With three major Senate seats still undecided for the 111th Congress, Democrats have both the most to win and the most to lose if voter fatigue plays a role in the Georgia runoff election between GOP incumbent Sen. Saxby ChamblissClarence (Saxby) Saxby ChamblissLobbying World Former GOP senator: Let Dems engage on healthcare bill OPINION: Left-wing politics will be the demise of the Democratic Party MORE and his Democratic rival, former state Rep. Jim Martin.

Early voting for the only 2008 Senate runoff election began Monday in many Georgia counties, and the two contenders are pushing hard for voters to submit their ballots well in advance of the December 2 Election Day, fearing a lack of voter motivation could keep many from casting ballots.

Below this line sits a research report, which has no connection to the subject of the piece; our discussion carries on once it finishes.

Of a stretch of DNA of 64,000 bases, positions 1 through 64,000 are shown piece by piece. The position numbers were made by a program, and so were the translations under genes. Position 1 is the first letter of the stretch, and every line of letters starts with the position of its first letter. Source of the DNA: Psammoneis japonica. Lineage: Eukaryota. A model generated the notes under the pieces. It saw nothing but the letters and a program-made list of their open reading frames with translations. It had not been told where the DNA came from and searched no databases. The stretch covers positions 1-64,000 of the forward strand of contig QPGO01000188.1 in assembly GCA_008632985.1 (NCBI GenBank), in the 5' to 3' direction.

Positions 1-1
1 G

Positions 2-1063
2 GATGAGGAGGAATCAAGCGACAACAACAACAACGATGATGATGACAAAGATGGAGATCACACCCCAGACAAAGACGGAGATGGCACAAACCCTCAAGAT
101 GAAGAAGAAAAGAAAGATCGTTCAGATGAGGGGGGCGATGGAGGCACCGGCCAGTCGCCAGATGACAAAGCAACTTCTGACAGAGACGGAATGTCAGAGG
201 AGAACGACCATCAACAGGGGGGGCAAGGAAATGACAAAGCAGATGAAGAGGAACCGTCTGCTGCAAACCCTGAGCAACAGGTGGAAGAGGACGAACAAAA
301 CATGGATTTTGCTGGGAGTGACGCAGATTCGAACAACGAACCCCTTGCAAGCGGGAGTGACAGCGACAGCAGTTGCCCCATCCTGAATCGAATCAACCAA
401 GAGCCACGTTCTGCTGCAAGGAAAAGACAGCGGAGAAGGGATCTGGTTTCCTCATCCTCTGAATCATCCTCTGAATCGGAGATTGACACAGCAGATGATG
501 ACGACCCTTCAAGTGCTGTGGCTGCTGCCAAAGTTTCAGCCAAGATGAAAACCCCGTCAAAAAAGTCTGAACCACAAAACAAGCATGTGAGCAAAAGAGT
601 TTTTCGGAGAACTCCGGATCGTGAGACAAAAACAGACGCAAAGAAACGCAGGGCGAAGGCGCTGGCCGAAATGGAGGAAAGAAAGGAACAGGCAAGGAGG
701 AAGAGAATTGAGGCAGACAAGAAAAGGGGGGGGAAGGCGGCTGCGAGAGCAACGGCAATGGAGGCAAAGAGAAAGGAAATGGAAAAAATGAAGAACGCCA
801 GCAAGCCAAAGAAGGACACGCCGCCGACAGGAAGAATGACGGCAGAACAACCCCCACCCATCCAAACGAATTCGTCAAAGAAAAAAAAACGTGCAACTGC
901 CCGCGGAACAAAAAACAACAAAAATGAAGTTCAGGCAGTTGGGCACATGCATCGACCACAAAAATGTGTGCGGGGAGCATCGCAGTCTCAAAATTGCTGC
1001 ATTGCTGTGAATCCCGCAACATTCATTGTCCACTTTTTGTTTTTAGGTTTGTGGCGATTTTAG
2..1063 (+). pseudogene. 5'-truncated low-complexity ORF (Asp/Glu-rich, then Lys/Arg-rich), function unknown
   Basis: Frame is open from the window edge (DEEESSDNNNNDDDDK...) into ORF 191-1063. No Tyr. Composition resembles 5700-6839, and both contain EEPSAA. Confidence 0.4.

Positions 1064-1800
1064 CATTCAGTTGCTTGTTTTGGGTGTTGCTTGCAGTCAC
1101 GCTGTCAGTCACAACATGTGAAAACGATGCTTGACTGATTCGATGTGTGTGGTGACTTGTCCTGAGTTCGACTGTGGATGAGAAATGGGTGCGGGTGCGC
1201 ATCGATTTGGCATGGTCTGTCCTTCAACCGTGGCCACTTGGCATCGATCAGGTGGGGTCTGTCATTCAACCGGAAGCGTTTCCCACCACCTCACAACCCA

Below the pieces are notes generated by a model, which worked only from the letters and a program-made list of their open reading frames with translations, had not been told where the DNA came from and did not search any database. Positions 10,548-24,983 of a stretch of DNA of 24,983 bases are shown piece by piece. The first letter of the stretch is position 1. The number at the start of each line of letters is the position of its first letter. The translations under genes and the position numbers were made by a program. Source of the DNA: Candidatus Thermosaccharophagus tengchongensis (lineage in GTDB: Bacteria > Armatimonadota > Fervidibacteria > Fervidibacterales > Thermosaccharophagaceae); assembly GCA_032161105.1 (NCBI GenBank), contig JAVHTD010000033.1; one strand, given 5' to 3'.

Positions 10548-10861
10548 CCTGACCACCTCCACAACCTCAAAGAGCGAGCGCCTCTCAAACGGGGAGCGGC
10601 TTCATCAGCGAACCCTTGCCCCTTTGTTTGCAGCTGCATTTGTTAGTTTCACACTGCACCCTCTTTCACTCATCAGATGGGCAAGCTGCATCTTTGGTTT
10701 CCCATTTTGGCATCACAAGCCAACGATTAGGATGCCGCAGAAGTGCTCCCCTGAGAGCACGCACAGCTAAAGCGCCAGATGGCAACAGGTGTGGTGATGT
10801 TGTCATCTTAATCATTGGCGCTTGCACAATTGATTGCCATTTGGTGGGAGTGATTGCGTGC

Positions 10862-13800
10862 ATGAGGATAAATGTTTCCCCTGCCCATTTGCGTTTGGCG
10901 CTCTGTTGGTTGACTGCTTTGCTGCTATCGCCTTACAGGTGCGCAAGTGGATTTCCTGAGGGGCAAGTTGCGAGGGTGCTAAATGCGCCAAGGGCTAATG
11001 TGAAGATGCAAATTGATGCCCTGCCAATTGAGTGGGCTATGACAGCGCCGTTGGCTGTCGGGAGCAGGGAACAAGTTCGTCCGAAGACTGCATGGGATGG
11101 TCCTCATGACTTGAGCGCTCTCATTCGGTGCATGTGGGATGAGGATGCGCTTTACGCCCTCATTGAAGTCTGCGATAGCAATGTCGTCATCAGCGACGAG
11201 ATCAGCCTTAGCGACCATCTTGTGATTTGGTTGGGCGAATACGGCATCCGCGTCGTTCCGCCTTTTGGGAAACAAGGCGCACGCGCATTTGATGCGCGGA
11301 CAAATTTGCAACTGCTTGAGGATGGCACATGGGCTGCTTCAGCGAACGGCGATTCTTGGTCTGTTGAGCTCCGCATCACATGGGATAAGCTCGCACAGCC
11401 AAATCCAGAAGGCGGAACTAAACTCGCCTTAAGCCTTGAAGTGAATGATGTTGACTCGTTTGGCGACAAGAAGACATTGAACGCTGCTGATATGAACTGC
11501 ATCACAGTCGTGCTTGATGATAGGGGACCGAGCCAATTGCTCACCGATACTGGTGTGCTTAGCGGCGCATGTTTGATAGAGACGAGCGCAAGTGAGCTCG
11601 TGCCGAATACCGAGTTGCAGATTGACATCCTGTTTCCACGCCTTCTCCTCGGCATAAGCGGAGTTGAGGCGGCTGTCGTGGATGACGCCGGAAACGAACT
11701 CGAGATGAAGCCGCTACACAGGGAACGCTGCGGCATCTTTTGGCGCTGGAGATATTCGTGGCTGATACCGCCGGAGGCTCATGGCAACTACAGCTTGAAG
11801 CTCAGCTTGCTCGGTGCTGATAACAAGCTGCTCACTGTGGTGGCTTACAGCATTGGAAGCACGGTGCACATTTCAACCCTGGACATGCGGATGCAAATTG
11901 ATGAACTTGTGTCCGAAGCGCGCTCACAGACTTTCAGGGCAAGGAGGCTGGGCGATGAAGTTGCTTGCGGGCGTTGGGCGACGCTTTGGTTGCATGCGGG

Democrats have secured 57 Senate seats for the 111th Congress thus far. Senate wins in Georgia, Minnesota, and Alaska would ensure a filibuster-proof Senate majority for Democrats, which would be influential in the next Congress with an incoming Democratic White House and a more heavily padded Democratic majority in the House.

With the runoff election scheduled to take place less than a month after the November 4 general election, on the Tuesday following the long Thanksgiving-day weekend, the plausible outcome is anyone